One day, she just couldn’t keep her secret any more. She told her partner she was thinking of killing herself.  Luckily, this couple had been in therapy and was skilled at communicating deeply.  His reaction: “Of course you are feeling suicidal.  Who wouldn’t if they were going through what you are.  Tell me more.”

His calm acceptance and invitation to disclose further allowed her to share more. Each time she paused, he simply said, “Say more.”  She was able to empty herself of the hopelessness that was driving her suicidal thinking.  And he was able to hold her emotions and her pain with her.  When she finished, he told her that he had unwavering hope that they would find help for her.  Three months later they did find a specialist who diagnosed her with a severe form of fibromyalgia and started her on a course of medication that helped.

 How can couples strengthen their connection?

  • Speak the unspeakable. The unspoken doesn’t go away; it just goes underground and acts up in inflammatory ways.  Speaking the fears and frustrations aloud strips them of their subversive power.  Set aside 20 minutes and take turns telling each other your truth, with compassion (not blame), while the other partner listens deeply.  Both partners need this attention.
  • Practice Deep Listening, which is listening with empathy without trying to solve the problem or reacting to what your partner is saying.  It is absorbing what you hear and finding a way to hold it with understanding.  Deep Listening is part of “speaking the unspeakable”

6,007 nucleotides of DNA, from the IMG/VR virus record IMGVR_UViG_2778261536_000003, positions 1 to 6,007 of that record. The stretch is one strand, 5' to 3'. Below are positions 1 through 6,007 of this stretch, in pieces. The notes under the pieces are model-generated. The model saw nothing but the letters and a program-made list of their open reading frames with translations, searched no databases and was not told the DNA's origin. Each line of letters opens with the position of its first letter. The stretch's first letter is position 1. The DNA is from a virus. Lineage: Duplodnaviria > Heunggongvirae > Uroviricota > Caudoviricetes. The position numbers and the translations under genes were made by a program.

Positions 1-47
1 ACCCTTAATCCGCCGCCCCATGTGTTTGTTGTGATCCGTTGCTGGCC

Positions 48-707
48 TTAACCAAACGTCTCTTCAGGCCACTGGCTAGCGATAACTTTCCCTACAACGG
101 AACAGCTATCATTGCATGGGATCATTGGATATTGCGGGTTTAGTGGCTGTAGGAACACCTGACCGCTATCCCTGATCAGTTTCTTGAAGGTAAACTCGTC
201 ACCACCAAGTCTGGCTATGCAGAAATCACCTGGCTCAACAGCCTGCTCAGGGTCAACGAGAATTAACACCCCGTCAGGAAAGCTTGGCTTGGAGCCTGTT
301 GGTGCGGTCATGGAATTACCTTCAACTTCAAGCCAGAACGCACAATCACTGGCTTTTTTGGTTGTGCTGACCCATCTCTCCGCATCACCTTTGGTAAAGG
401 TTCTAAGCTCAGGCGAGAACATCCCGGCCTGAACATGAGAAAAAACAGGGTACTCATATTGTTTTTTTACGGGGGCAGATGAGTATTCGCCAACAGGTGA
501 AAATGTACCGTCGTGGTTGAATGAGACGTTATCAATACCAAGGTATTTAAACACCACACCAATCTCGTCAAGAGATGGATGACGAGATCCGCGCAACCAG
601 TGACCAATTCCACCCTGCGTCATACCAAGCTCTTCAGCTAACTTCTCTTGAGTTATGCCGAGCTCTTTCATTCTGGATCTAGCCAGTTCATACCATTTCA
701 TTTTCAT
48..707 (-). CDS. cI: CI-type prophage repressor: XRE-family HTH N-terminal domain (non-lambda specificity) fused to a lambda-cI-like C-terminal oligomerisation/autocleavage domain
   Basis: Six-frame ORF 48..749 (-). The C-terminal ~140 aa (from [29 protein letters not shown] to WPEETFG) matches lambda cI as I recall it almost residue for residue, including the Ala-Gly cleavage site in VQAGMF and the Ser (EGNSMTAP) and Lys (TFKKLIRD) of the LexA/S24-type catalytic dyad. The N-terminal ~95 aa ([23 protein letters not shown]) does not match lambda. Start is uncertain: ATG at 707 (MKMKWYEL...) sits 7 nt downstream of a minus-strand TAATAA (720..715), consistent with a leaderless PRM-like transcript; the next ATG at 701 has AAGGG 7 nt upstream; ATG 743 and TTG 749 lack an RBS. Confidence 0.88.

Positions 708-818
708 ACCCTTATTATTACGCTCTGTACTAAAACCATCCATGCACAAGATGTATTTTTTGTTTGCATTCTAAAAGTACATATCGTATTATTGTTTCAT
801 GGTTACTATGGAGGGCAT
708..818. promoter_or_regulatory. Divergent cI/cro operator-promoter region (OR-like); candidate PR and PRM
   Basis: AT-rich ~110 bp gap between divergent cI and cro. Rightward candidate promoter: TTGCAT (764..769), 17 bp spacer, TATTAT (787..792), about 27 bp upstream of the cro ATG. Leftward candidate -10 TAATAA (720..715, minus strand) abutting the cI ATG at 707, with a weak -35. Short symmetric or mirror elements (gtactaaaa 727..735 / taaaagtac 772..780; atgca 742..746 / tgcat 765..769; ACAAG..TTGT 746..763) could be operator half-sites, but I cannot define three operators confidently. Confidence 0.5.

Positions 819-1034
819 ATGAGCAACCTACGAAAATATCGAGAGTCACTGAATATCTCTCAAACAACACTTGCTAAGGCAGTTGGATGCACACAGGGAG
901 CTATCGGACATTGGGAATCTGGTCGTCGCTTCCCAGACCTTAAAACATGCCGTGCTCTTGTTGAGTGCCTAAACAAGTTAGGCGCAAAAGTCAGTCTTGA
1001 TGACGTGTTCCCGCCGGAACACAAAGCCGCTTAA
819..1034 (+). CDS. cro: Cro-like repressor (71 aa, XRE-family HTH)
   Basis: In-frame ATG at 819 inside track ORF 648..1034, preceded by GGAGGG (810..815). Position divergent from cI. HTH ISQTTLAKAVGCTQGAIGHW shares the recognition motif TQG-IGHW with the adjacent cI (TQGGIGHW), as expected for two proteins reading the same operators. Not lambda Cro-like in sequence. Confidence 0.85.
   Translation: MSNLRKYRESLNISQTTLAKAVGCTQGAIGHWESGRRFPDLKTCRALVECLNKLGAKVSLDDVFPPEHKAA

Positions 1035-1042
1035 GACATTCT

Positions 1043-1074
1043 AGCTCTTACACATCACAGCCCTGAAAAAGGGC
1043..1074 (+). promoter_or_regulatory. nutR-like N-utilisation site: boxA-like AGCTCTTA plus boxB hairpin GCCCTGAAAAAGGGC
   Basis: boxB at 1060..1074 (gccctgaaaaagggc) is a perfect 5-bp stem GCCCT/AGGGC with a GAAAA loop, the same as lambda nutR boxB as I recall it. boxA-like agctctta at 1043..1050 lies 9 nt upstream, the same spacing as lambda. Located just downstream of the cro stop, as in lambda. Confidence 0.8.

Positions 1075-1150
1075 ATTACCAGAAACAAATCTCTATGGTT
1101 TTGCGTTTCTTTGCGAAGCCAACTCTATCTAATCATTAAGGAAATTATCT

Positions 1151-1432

• Sit in silence.  Take five minutes and sit in silence together while thinking about what joined you in the first place and what you still treasure.  The silence acts as a protective shell, keeping fear and negativity at bay, while you reconnect.
  • Working with a counselor to strengthen your resilience can be helpful.


Your partner can be your strongest supporter. There are many ways of building needed connections.  The key is to recognize that the old ways are often not sufficient and new ways need to be actively introduced.  Living with illness and pain is a hard load to carry.  Two hearts and two minds can make the load not only lighter, but can also drive the relationship to higher levels of connection and intimacy.

BEK Head shot 2_edited-1About the Author 

Barbara Kivowitz, is a psychotherapist and business consultant. She worked as a therapist in a community mental health center and as an advisor to a hospice program and has had experience helping couples facing illness. In addition, she has authored several articles on couples and illness and on living with pain, one of which was published in Women’s Day and another in the journal of the American Pain Foundation. Since 2007 she has blogged about couples and illness at Her blog has been nominated for best literary blog and best patient blog. She is on the board of trustees of Harvard Vanguard Medical Associates. She has a graduate degree from Harvard University in Romance Languages and Literatures and an MSW from Simmons College.